Bonnie Raitt discusses her success as an independent artist for the first time in decades. Last year, she released Slipstream on her own label and made her biggest debut in over 20 years, won the Grammy for Best Americana Album (her tenth), and is back on the road again this fall.
Bonnie Raitt began her career in the 1970s as a young guitarist and singer who shared the stage with legendary bluesmen like Howlin’ Wolf and Mississippi Fred McDowell. But despite entering the record business at a time when it was almost entirely run by men, she managed to maintain complete control over her music. “The feminist movement was really part of the generation I was in,” said Raitt on Soundcheck. “Your turn at the food coop, your turn with the dishes. If a guy wanted to get laid, he’d better step up to the plate.... I would not have signed a record deal where I had to give up one bit of control over what I recorded when and with whom.” Listen to Soundcheck’s entire interview with the blues legend here.
Blues guitarists Bonnie Raitt and Taj Mahal have been friends since the late 1960s and worked together on Raitt's 1973 album, Takin' My Time. But they’ve led separate touring careers ever since -- until now. Today, they join us to talk about reuniting and about their respective brands of rootsy ...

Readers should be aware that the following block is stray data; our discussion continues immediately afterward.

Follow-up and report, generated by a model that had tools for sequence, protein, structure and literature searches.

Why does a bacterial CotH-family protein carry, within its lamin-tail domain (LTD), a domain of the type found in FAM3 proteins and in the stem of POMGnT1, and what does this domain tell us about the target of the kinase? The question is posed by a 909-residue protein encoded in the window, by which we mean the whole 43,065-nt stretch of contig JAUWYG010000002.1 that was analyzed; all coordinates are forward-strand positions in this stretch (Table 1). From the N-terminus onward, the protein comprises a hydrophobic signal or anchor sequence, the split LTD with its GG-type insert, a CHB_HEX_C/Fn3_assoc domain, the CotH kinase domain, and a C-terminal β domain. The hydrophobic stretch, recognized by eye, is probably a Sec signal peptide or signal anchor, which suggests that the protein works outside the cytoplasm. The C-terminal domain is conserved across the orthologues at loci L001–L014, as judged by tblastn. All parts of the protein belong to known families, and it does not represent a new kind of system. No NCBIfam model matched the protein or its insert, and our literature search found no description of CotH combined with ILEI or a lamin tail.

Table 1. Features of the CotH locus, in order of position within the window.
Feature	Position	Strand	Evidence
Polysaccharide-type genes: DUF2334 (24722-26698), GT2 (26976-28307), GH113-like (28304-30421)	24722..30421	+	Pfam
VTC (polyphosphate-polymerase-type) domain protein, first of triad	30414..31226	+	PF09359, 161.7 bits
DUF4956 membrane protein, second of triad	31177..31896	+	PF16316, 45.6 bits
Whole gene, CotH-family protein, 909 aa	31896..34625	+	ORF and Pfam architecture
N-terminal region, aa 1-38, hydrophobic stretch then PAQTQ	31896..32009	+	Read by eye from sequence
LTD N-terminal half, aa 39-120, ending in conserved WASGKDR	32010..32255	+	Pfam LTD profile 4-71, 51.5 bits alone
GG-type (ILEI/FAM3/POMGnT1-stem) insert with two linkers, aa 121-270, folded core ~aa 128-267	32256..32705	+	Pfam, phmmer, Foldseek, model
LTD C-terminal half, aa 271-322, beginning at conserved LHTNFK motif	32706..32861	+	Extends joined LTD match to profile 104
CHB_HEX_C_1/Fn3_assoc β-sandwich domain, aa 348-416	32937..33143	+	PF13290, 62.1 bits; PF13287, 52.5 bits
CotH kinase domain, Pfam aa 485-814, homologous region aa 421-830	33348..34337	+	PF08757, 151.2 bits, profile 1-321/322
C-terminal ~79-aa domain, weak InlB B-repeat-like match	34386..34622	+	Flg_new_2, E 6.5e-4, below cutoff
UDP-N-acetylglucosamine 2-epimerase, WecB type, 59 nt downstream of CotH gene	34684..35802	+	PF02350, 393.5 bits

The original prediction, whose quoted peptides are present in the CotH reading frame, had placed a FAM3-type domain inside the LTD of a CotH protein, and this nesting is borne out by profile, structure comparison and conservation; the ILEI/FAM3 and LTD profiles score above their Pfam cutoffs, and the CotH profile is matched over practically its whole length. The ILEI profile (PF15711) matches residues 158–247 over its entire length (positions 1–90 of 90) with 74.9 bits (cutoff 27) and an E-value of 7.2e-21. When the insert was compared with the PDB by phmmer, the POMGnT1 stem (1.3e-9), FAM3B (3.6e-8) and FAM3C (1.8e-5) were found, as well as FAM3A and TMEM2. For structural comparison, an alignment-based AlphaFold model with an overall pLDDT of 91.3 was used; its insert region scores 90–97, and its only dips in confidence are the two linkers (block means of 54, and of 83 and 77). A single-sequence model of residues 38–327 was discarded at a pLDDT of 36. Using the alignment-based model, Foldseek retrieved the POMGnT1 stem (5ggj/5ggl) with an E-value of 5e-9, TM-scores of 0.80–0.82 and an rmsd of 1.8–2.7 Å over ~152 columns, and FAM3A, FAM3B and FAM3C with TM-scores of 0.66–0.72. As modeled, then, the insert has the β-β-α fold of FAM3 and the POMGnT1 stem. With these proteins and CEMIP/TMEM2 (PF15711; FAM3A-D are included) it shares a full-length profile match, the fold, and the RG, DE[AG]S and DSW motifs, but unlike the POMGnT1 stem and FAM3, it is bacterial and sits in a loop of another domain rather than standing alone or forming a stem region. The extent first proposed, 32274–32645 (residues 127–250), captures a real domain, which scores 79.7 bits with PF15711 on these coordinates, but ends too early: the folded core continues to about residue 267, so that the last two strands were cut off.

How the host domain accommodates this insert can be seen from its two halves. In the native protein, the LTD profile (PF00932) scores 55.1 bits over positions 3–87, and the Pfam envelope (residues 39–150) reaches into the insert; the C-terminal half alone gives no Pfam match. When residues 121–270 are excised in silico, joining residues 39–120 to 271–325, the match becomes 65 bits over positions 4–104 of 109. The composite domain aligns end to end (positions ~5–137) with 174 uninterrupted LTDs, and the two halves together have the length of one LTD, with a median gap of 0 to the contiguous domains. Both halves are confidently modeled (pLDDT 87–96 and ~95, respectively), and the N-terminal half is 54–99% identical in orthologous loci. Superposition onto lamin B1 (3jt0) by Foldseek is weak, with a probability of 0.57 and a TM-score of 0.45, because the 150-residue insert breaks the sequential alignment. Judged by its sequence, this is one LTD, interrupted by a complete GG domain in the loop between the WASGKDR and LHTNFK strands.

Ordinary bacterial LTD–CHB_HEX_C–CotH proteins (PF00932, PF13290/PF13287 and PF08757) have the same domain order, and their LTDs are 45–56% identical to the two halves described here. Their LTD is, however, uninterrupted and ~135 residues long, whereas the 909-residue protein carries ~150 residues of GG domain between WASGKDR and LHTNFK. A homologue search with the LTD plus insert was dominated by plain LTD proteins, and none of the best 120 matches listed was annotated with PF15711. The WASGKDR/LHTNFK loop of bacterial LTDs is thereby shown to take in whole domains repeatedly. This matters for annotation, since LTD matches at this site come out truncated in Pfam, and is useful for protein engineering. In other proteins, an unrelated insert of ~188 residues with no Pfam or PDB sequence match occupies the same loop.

Bonnie Raitt and Taj Mahal first worked together in 1973. But they’ve led separate careers ever since. Today on Soundcheck: two rootsy blues guitarists talk about teaming up again. Also: pianist Leif Ove Andsnes performs in our studio. This is a repeat edition of Soundcheck.
Bonnie Raitt and Taj Mahal first worked together in 1973. But they’ve led separate careers ever since. Today on Soundcheck: two rootsy blues guitarists talk about reuniting for a 30-city tour. Also: pianist Leif Ove Andsnes plays live in our studio.
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